The historic jewel in the Suffolk crown, Bury St Edmunds is a delightful combination of heritage architecture alongside tasteful modern design.
The cultural and retail centre for West Suffolk, tourism is a major part of the local economy thanks to the wealth of famous landmarks right across the town. The impressive abbey ruins are usually first on the ‘must-see’ list. Once a towering monastery, the abbey was originally built around a shrine to Saint Edmund, making it a point of pilgrimage for both peasants and kings. Although the abbey walls have crumbled, visitors can take themselves back in time while walking through the ruins, reading the many interesting information tables and basking in the beauty of the adjoining gardens.
Bury St Edmunds is also home to the only cathedral in Suffolk – St Edmundsbury Cathedral – which for over 1,000 years has been a place of worship and pilgrimage.
The Angel Hotel, adorned with trailing ivy, stands proud opposite the town’s famous Pillar of Salt (thought to be the first internally illuminated road sign in the country). This Georgian coaching inn was frequented by Charles Dickens on his trips to the town, and the writer immortalised his affection for the inn by mentioning it in Pickwick Papers: ‘The coach rattled through the streets of a handsome town of thriving and cleanly appearance and stopped before a large Inn situated in a wide open street facing the old abbey. “This must be Bury St Edmunds, and this” said Mr Pickwick, looking up, “is the Angel”.’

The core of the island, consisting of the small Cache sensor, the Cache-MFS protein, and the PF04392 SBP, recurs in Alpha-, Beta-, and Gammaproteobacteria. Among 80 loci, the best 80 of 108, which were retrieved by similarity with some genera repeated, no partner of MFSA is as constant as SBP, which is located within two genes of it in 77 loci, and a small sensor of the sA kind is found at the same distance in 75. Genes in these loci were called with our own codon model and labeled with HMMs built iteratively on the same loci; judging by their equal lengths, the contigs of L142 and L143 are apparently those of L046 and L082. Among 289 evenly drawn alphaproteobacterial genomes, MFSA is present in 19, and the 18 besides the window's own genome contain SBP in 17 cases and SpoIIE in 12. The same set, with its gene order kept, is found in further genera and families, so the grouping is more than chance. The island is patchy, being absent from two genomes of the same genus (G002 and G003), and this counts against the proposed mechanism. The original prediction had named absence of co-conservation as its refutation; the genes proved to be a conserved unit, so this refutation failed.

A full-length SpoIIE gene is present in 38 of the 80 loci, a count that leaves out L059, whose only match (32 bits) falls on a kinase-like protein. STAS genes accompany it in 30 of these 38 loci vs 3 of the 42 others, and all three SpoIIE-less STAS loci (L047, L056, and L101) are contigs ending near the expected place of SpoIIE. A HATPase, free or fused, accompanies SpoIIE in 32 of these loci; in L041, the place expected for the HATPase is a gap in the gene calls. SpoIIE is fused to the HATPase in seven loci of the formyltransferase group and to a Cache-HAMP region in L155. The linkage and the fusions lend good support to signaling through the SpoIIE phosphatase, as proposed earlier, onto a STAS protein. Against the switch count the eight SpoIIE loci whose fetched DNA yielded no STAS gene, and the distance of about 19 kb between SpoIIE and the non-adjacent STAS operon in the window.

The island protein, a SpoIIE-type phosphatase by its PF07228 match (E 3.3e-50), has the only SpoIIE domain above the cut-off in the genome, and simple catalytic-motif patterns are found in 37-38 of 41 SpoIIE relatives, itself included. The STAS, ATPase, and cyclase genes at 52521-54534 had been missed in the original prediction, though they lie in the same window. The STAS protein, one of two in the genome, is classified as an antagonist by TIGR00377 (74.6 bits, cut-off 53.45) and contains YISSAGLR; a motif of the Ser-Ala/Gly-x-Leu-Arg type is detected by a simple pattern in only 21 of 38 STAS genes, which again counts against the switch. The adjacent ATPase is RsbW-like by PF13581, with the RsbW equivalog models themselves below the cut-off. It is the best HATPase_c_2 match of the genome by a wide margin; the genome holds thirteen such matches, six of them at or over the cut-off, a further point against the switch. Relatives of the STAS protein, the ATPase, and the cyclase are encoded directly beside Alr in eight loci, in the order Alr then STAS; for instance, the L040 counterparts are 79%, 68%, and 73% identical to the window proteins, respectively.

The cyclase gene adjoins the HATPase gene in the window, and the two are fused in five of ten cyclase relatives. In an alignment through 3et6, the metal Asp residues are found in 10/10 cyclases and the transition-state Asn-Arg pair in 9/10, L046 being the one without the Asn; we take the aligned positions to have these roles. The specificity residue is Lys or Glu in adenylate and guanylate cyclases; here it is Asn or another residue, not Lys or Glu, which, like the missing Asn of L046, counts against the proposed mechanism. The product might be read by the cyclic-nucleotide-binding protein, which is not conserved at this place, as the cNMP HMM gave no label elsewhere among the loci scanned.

Bury St Edmunds is also home to the Theatre Royal – a must-visit for theatre lovers and history buffs, being the only surviving Regency playhouse in Britain. Once inside its hallowed walls, visitors can experience what going to the theatre was like in pre-Victorian times.
Well known for its brewing and malting heritage thanks to Greene King, it goes without saying that Bury St Edmunds houses many excellent pubs and bars. Beer drinkers are certainly in for a treat as they can book a guided tour of the Greene King Brewery and learn all the secrets behind some world-famous drinks. The most well-known of the pubs is most likely The Nutshell – which at 15ft by 7ft is officially the smallest pub in Britain and is rumored to be haunted!
Shoppers and foodies can certainly find their fill from Bury St Edmunds’ twice-weekly market as well as the boutique shops, cosy restaurants and delightful delis dotted around the town centre.
With prestigious shopping, an award-winning market, plus variety of attractions and places to stay, Bury St Edmunds is under two hours from London and very convenient for Cambridge. With such close proximity to the countryside, Bury St Edmunds offers such a vibrant and diverse lifestyle – you simply must experience it.